Los Angeles is abandoning its $5 billion plan to rebuild three aging natural gas-fired power plants, deciding instead to phase out the plants and invest in renewable energy, Reuters reported. Mayor Eric Garcetti argued that the new strategy is necessary if the city hopes to achieve its goal of being carbon-neutral by 2050.
“This is the beginning of the end of natural gas in Los Angeles,” Garcetti said in a statement. “The climate crisis demands that we move more quickly to end dependence on fossil fuel, and that’s what today is all about.”
In 2017, Los Angeles got a third of its power from natural gas — 40 percent of which came from the three gas plants now slated to close. The city has been planning for years to renovate the Scattergood, Haynes, and Harbor facilities, which sit along the California coastline, because of a 2010 state law that requires power plants to stop using ocean water for cooling, according to Reuters. Instead, the city will close the facilities by 2029.
Exactly how the city will replace the lost natural gas capacity with renewables has yet to be determined, the Los Angeles Times reported. The Times also notes that despite this new strategy, the city is still planning to build a new natural gas power plant in Utah to replace a 1,900-megawatt coal-fired facility that currently generates a portion of the city’s electricity.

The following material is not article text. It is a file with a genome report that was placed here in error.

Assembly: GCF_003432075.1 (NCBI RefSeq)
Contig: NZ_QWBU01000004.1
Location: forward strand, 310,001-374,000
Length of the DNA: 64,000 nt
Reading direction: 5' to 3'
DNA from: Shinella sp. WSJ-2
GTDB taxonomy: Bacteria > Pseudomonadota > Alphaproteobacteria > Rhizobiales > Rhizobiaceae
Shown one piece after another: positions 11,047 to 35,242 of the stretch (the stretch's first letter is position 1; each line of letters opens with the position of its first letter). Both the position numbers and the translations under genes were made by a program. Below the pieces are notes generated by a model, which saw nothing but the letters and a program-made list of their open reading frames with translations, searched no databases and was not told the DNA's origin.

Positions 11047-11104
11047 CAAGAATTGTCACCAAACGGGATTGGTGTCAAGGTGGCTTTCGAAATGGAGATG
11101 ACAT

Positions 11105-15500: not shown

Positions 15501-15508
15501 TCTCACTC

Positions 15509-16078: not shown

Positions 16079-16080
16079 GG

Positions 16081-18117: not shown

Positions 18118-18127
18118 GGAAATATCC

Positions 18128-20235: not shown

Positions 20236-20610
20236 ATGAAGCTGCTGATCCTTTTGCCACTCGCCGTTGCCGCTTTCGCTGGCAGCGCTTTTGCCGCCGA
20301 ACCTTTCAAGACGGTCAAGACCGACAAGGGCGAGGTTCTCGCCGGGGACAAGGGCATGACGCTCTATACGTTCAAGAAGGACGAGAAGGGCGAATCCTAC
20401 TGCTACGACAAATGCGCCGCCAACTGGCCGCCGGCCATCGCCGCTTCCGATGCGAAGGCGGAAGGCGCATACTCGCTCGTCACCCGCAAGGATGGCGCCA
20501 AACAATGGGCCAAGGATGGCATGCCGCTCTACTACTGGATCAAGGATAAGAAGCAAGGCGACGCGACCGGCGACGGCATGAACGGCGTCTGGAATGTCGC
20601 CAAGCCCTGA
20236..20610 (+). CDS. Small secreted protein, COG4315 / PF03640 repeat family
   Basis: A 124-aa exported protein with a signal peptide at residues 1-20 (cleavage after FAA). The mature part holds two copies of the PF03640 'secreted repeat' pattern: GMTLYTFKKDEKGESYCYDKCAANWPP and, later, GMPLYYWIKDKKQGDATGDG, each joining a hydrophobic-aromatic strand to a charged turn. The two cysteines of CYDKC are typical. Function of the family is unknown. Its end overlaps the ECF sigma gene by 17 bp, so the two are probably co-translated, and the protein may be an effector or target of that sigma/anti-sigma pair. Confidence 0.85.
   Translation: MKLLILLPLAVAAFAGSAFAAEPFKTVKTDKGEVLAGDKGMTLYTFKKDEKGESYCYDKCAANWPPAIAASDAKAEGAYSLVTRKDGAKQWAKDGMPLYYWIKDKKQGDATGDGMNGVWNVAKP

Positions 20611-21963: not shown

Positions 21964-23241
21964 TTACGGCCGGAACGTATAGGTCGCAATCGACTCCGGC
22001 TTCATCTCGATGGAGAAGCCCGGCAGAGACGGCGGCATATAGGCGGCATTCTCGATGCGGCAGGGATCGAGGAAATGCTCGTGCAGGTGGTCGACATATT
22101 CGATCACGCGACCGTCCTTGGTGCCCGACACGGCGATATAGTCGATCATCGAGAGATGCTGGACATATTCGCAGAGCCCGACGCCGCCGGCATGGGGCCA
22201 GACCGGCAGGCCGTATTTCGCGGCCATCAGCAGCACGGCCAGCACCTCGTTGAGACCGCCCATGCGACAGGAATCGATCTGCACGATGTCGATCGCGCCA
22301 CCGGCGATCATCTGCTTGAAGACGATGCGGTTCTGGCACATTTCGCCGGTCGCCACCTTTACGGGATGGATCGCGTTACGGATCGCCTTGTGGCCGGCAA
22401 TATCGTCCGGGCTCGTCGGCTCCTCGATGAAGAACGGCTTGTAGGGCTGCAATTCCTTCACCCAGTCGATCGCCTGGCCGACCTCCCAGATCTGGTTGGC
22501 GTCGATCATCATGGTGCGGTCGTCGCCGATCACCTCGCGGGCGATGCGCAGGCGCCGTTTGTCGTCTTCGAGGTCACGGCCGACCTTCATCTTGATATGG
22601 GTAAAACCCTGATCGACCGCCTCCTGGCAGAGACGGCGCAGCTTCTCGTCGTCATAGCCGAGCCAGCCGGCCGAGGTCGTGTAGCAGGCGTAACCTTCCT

“The question that staff has somehow heard for a number of years is, ‘Can we?,’ David Wright, General Manager for Los Angeles’ Department of Water and Power, said at a press conference. “I don’t think ‘can we?’ is the right word. It’s ‘How can we?’ Some of the best managers and the best engineers, planners, and operators will take this challenge and will make it work.”